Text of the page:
The 2007 Minnesota Legislature appropriated $5 million from the trunk highway fund for the technology research project, which is taking place from September 2011 to December 2012.
Arizona Legislature looking to tax electric cars to help pay for highways
California: Southern California Association of Governments moves forward with sustainable transit plan; will consider mileage tax
Washington State enacts legislation that includes $100 annual electric vehicle fee that will expire effective date of enactment of any future vehicle mileage tax. Of new revenues from the EV fee, $1.5m to fund MBUF pilot project for electric vehicles.
Indiana: Bill to fund pilot projects for alternative transportation funding languishes in committee as legislative session ends on March 10, 2012.
Georgia: Does road funding need to change? Editorial in Atlanta Constitution Journal.
Virginia: Beyond Virginia budget fignt politics, a vital issue (transportation) lurked.
Highway Trust Fund Threatened by Improvements in Gas Mileage: ABC News Report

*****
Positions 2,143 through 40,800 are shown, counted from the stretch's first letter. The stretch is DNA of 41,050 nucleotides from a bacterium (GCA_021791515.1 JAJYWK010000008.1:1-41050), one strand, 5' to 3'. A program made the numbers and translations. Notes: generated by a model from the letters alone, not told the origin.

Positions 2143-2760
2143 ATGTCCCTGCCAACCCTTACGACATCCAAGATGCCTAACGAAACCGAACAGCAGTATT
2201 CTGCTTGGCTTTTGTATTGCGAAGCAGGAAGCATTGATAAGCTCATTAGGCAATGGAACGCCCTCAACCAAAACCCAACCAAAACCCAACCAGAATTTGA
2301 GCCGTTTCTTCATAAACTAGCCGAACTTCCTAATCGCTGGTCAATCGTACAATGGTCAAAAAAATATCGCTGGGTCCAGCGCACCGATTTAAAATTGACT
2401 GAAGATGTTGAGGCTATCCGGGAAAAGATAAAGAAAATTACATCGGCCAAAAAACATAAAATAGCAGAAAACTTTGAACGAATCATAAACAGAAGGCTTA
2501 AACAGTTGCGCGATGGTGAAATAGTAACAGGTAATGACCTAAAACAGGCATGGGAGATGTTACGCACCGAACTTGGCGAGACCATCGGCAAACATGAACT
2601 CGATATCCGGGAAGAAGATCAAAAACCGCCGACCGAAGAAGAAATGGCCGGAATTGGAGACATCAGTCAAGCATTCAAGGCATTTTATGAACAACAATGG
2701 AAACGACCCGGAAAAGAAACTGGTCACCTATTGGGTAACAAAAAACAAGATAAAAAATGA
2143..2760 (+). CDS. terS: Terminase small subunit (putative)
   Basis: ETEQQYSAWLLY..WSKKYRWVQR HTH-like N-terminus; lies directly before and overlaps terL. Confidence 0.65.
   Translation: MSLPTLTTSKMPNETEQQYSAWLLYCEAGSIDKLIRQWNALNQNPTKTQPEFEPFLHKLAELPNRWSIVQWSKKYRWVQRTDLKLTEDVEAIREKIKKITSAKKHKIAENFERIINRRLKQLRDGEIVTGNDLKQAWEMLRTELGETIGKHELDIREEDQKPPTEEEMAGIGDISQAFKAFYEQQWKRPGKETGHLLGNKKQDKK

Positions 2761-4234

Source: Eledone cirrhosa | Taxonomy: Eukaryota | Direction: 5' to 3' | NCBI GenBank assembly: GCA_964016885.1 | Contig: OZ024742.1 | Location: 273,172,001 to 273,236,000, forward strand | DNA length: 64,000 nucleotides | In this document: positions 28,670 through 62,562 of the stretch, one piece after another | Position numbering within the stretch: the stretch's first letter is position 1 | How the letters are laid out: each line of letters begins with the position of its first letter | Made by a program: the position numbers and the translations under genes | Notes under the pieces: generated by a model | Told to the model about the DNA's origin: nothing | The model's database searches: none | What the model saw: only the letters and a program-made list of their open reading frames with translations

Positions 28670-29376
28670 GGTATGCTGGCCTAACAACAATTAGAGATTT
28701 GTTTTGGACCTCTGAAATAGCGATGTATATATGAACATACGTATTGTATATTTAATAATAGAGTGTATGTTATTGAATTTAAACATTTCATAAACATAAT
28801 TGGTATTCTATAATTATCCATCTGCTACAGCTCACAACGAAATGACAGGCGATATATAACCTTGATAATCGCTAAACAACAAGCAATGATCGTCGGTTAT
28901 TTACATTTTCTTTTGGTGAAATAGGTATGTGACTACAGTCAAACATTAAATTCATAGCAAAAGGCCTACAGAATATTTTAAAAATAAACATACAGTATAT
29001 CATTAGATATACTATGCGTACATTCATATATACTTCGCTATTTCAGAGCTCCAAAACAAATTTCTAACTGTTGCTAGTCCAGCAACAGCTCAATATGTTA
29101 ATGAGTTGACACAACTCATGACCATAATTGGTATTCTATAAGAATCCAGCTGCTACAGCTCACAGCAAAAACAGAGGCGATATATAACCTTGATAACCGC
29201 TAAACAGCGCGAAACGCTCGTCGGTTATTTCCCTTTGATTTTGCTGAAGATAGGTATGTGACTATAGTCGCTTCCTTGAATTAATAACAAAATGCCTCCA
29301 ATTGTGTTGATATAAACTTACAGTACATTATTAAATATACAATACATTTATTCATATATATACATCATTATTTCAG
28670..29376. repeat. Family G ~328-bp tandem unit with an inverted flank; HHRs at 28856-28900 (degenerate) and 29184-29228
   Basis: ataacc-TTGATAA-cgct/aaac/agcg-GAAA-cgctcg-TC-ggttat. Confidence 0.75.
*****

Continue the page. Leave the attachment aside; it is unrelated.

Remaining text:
CBO reports highway trust fund headed for bankruptcy in 2014: The Hill
The week ahead: Wheels begin to turn on highway bill: The Hill
Reid draws the line against Keystone: The Hill
Senate names members for Transportation Conference Committee: Port-to-Plains Blog. Senators appointed are:
Eight Democrats: Boxer, Baucus, Rockefeller, Durbin, Johnson (SD), Schumer, Nelson (FL), Menendez
Six Republicans: Inhofe, Vitter, Hatch, Shelby, Hutchison, Hoeven
Symposium on Mileage-Based User Fees and Transportation Finance Summit
This conference combines the best features of IBTTA's Transportation Finance Summit with the depth of content from the Symposium on Mileage Based User Fees organized by the Texas Transportation Institute and the University of Minnesota in 2009-2011. The meeting partners and co-sponsors are joining forces to organize this combined event that will explore the latest studies and pilots in mileage based user fees and the diverse range of financing tools available to toll agencies, state DOTs and local governments.
Meeting partners include Humphrey School of Public Affairs, University of Minnesota and the Texas Transportation Institute. Co-sponsors include the I-95 Coalition and MBUFA.
Online registration is now closed. On-site registration is available.
May 18-20, 2012
Traverse City, Michigan
MBUFA West Coast Meeting (co-located with AASHTO Peer Exchange on Communicating Transportation Funding Issues)
Jue 26-26, 2012
September 9-12, 2012
How Fair is Road Pricing? Evaluating Equity in Transportation Pricing and Finance
Bipartisan Policy Center